I wouldn’t say I was a fossil collector, but I do find them very interesting. Whenever I am on holiday, I always look out for interesting stones.
I think most of us have done it – you go to the beach and wander along the edge of the water looking for shiny attractive stones, ending up with a handful and putting them in the boot of your car. The next time you see them is when you get home. By this time, they’ve all dried out and gone dull, and you wonder why you bothered! Having said that, over the years I have built up quite an impressive collection.
There are only three different types of rock: sedimentary, which is laid down on the seabed; igneous, which is volcanic; and metamorphic, which, as the name suggests, is rock that goes through change caused by heat and pressure. Probably the most well-known is the ammonite, which can be commonly found on the coastline in Dorset. When looking for them, you must be sensible as the cliffs are very fragile and it is not wise to interfere with the actual cliff face. The best time to find them is when there has been a landslide and the rocks have been broken open and are lying on the beach, but care must still be taken.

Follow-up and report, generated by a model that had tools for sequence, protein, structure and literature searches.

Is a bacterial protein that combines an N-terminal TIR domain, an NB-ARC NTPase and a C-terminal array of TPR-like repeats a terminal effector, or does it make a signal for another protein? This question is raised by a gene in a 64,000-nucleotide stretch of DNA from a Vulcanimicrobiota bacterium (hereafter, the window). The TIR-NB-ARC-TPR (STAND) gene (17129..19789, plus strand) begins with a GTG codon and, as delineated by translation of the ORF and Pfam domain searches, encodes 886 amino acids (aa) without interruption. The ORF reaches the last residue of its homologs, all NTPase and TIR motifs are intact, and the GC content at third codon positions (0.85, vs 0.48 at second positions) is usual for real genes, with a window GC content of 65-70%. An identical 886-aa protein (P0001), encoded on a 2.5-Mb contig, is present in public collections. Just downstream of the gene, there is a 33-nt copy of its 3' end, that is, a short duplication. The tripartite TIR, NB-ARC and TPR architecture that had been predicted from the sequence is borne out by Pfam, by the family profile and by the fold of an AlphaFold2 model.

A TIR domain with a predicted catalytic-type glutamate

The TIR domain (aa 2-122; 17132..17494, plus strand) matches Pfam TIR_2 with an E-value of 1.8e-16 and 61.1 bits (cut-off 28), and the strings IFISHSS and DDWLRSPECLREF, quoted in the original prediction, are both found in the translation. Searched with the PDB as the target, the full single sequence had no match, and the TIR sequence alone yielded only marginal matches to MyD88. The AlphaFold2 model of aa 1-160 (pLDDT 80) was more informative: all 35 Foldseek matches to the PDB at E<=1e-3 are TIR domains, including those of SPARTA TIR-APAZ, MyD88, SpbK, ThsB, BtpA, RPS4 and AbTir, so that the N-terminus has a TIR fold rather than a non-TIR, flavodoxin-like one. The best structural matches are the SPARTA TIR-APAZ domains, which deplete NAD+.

It is in this area, which is known as the Jurassic Coast, that a Victorian lady first became interested in fossils. Her name was Mary Annings. Over the years, she made many special finds that contributed to important changes to what was known about prehistoric animals and the history of the Earth. In 1833, she had a lucky escape when part of the cliff she was working on collapsed, but unfortunately her dog was killed.
The ammonite became extinct about 65 million years ago, which in geological terms is quite recent. Another common fossil is the sea urchin, and these lived in our seas around 450 million years ago; that’s 220 million years before the dinosaurs were around.
Sometimes, on my travels, I find strange, heavy, metallic-looking stones, and I try to convince myself that they are meteorites. They are probably not, but they can be found if you are very lucky. In 1969, in Murchison, Australia, a meteorite was found weighing over 200 pounds! Now, meteorites are in a league of their own when it comes to being old. They are older than any rocks found on Earth. They are over 7 billion years old! Some have been found to contain prebiotic complex organic substances, and there is a school of thought that believes that they are the ingredients for life.
Ted is a local resident and keen collector.
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